New Sections of Criminal Provisions in New Criminal Laws 

3 Jul 2024  Read 1550 Views

We Indians use a lot of slang, and “420"/ "charsobees" is one of the most iconic. This term refers to someone who is a fraud or trickster. The origins of the term come from Section 420 of the Indian Penal Code, which covers offences relating to cheating and dishonesty.

But now, "420" won't mean much as our old criminal laws have been replaced with new ones. This means that section numbers for many criminal offences and procedures have changed. In this blog, we'll look at some major law provisions and their new section numbers under the updated criminal laws. Keep reading to find out more.

Major Changes in Criminal Provisions and Their Numbering

Three new criminal laws came into effect on 1 July 2024. The Bharatiya Nyaya Sanhita (BNS) 2023 replaces the Indian Penal Code (IPC); the Bharatiya Nagarik Suraksha Sanhita (BNSS), 2023, replaces the Criminal Procedure Code (CrPC); and the Bharatiya Sakshya Adhiniyam (BSA) replaces the Indian Evidence Act (IEA).

1. Punishment for Murder

Section 103 of the BNS covers punishment for murder; previously, it was under Section 302 of the IPC.

Section 103 (1) of BNS is the same as Section 302 of the IPC.

Change: But a new offence is added under Section 103 (2) of BNS as if 5 or more people commit murder due to someone's race, caste, gender, or similar reasons, each person will face either the death penalty or life in prison and may also have to pay a fine.

2. Attempt to murder

Section 109 of the BNS covered attempt to murder; previously, it was under Section 307 of the IPC. 

Section 109 of the BNS is the same as Section 307 of the IPC.

Change: But under the IPC, Section 307(2) states that if someone already serving a life sentence attempts murder, they face the death penalty. However, in the BNS, Section 109(2) offers an alternative. It allows the court to choose between the death penalty or imprisonment for life, which shall be the remainder of that person's natural life.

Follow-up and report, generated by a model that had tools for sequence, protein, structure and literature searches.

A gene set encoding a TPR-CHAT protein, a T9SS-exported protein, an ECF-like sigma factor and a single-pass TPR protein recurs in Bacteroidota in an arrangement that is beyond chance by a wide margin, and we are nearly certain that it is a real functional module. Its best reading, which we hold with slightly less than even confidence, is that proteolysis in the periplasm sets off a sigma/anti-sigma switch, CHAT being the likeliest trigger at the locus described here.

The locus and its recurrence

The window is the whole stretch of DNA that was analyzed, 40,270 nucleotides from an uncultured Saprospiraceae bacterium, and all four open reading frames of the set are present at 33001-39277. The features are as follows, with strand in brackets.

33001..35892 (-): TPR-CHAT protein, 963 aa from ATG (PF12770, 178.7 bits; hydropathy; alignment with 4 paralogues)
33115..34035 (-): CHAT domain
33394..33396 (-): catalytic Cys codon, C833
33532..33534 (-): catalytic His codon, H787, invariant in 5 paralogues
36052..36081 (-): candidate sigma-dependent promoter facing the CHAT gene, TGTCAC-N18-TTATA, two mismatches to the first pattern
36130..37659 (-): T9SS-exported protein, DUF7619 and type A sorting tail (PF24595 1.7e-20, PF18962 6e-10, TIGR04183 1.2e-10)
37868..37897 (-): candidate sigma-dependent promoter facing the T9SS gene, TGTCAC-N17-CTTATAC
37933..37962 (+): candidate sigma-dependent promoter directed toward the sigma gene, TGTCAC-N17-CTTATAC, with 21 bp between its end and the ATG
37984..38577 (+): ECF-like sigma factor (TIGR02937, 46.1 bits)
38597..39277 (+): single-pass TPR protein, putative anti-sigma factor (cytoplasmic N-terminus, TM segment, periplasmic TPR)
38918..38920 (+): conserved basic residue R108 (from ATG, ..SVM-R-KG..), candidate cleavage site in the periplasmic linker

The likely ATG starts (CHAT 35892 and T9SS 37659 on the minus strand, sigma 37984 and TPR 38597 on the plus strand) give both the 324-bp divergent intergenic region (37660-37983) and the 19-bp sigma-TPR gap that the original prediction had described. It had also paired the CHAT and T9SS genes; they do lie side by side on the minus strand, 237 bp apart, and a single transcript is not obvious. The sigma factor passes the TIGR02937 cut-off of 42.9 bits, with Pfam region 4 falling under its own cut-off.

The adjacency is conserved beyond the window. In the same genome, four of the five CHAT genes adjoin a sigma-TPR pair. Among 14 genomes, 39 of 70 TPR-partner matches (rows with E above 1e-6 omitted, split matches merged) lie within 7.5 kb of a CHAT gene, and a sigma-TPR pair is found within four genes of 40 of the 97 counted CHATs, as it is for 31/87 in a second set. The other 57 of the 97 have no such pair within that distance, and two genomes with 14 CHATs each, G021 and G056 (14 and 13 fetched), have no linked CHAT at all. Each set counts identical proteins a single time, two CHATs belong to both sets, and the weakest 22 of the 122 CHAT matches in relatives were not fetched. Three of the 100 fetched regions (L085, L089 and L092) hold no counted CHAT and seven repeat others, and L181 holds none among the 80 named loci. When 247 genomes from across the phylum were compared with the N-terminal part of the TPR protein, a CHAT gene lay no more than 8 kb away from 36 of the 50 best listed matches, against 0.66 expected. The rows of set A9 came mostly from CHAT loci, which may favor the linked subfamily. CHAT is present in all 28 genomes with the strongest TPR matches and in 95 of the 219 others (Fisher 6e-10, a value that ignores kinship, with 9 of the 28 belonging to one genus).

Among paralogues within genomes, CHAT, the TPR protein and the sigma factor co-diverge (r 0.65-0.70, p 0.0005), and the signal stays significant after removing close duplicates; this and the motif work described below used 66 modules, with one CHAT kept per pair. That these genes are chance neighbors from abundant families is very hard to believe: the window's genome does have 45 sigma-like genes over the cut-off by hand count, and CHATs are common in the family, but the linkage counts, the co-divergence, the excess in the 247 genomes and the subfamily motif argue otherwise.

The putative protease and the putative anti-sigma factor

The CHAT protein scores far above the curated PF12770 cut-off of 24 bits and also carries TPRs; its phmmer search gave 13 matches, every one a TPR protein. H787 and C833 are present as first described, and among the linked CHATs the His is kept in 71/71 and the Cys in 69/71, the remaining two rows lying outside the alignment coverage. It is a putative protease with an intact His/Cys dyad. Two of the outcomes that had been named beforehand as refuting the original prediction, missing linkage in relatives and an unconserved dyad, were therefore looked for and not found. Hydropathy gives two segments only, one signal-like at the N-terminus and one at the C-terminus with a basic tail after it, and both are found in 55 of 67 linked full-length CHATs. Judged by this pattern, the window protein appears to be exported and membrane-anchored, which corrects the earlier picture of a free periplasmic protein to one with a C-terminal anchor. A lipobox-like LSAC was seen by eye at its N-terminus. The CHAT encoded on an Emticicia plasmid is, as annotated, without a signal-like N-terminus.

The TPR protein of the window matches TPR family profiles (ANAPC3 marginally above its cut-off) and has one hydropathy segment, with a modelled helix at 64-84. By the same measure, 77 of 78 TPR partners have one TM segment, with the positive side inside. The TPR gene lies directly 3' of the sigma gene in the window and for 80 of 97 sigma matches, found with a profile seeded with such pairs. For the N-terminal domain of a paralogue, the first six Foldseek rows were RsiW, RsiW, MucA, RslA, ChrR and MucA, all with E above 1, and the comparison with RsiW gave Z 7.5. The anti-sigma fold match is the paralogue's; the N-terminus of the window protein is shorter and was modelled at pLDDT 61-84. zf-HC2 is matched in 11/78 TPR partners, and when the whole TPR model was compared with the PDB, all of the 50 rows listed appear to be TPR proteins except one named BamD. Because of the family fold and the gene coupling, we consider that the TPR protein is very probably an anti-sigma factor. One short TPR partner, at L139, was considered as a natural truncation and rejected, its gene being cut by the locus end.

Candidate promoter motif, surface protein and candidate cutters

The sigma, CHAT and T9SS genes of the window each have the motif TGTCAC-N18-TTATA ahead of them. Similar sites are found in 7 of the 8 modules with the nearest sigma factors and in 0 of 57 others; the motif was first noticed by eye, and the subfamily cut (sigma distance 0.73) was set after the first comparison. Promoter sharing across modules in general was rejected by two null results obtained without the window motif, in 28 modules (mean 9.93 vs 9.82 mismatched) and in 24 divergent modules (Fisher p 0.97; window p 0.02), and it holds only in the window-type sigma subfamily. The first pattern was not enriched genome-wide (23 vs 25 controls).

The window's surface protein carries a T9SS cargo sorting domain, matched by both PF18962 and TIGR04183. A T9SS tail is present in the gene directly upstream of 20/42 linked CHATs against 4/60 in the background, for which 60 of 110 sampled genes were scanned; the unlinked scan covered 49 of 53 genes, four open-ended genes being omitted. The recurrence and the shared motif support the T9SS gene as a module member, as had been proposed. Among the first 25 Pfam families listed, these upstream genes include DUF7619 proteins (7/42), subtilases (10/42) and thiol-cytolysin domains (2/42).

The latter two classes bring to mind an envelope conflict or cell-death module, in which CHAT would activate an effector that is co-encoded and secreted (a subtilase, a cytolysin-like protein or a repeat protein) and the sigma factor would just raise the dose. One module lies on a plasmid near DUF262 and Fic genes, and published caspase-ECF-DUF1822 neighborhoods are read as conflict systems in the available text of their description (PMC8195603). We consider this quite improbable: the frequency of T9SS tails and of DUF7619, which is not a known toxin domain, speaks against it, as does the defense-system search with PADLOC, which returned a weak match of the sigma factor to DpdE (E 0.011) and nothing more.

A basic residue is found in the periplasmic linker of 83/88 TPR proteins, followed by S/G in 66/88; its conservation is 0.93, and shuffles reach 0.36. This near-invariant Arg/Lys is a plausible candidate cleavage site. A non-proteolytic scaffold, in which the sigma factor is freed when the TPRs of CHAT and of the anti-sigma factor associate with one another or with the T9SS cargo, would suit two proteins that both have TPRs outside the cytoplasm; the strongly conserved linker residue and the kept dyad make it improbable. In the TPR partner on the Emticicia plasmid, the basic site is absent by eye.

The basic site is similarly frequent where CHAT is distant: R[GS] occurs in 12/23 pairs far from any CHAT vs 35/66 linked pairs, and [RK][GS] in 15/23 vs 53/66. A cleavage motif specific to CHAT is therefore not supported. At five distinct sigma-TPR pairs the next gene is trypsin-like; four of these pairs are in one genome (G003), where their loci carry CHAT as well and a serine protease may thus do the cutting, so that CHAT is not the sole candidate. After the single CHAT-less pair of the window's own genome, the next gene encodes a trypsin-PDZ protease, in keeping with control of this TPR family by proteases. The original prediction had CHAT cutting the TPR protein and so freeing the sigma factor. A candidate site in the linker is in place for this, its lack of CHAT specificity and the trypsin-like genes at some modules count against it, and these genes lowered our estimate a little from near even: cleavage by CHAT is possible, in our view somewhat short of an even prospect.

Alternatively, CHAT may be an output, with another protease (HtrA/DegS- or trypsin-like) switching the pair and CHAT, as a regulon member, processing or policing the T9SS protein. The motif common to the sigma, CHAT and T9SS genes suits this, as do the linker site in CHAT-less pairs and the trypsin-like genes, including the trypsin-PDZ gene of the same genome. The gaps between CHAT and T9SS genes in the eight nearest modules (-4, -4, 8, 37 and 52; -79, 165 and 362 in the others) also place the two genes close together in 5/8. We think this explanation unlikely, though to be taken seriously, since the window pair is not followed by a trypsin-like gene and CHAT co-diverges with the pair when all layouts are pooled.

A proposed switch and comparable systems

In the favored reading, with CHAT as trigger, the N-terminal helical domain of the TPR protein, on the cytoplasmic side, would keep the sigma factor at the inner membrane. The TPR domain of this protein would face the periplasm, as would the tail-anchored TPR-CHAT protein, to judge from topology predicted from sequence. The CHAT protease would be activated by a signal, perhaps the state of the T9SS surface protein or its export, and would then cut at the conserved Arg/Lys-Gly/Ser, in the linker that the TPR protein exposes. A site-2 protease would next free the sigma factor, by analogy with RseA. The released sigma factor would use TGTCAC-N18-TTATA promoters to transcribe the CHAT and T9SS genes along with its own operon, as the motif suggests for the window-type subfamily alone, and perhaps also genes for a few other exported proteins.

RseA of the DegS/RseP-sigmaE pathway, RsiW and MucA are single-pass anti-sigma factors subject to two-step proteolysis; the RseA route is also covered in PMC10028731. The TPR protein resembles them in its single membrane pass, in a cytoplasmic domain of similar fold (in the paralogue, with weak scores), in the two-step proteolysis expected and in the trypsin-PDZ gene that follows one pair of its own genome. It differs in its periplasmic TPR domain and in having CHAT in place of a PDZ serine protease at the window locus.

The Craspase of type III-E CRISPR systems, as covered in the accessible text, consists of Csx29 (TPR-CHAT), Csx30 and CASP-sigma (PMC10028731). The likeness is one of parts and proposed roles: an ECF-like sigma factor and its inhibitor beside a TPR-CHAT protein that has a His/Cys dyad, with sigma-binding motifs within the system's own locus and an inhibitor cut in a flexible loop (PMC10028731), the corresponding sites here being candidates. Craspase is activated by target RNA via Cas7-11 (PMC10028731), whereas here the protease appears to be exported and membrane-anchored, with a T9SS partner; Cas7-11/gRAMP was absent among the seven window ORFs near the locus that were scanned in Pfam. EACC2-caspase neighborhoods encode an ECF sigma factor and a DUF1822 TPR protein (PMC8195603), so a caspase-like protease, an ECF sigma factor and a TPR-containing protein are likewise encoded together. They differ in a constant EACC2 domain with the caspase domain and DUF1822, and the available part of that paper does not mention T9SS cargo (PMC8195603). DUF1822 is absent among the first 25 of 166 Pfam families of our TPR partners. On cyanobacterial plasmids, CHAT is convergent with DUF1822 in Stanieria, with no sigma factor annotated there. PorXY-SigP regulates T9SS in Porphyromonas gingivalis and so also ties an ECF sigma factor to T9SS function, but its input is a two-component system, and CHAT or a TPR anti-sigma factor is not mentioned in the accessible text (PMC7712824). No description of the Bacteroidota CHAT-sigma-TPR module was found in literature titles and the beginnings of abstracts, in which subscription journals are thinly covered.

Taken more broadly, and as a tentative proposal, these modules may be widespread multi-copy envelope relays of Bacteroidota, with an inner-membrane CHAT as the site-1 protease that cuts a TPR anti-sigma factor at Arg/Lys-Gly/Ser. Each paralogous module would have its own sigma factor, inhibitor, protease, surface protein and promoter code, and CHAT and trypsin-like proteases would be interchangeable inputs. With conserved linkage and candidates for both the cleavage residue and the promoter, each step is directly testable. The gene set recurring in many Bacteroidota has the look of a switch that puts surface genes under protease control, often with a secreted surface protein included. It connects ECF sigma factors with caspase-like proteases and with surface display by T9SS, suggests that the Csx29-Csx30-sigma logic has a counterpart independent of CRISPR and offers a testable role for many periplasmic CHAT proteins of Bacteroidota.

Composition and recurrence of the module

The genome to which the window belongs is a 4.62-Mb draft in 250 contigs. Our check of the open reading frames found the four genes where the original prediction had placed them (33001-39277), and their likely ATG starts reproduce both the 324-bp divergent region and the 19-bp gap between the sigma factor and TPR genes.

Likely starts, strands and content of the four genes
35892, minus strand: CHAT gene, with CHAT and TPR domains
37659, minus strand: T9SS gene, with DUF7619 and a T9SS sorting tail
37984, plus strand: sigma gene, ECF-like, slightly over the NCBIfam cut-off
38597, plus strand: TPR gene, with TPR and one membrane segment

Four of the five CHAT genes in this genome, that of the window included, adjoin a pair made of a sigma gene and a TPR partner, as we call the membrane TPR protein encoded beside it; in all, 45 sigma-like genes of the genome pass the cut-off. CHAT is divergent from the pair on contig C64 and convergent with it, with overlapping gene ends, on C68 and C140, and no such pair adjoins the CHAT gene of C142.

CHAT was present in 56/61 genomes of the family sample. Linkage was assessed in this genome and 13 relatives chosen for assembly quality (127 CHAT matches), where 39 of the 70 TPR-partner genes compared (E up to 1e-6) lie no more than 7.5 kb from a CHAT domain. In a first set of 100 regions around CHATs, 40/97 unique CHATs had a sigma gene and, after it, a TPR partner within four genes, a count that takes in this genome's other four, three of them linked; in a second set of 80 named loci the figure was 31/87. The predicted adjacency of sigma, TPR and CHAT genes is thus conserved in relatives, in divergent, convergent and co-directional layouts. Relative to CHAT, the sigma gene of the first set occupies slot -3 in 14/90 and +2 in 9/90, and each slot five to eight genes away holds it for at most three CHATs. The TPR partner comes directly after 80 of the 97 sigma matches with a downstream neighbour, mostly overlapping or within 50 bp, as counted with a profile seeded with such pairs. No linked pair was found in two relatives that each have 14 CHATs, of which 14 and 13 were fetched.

3. Rape

Section 63 of the BNS defines rape, previously under Section 375 of the IPC.

Change: Exception 2 to Section 63 of the BNS says that sexual intercourse or sexual acts between a man and his wife, where the wife is under 18 years old, is considered rape. Under Section 375 of the IPC, the age limit was 15 years.

4. Gape Rape

Section 70 (1) of the BNS defines gape rape; previously, it was covered under Section 376D of the IPC.

No Change except the IPC section is included as a subsection in BNS.

5. Cruelty Defined

Section 86 of the BNS defines cruelty, previously, it was defined under Explanation of Section 498A of IPC.

Change: IPC Section 498A has been bifurcated into Sections 85 and 86. The IPC explanation part has been provided in Section 86 BNS under the heading Cruelty defined. 

However, no changes were made to Section 85 of the BNS, which addresses cruelty against a married woman. 

6. Dowry death, Sexual harassment

Section 80 of the BNS covers dowry death; previously, it was under Section 304B of the IPC. 

Section 75 of the BNS covers the offence of sexual harassment; previously, it was under Section 354A of the IPC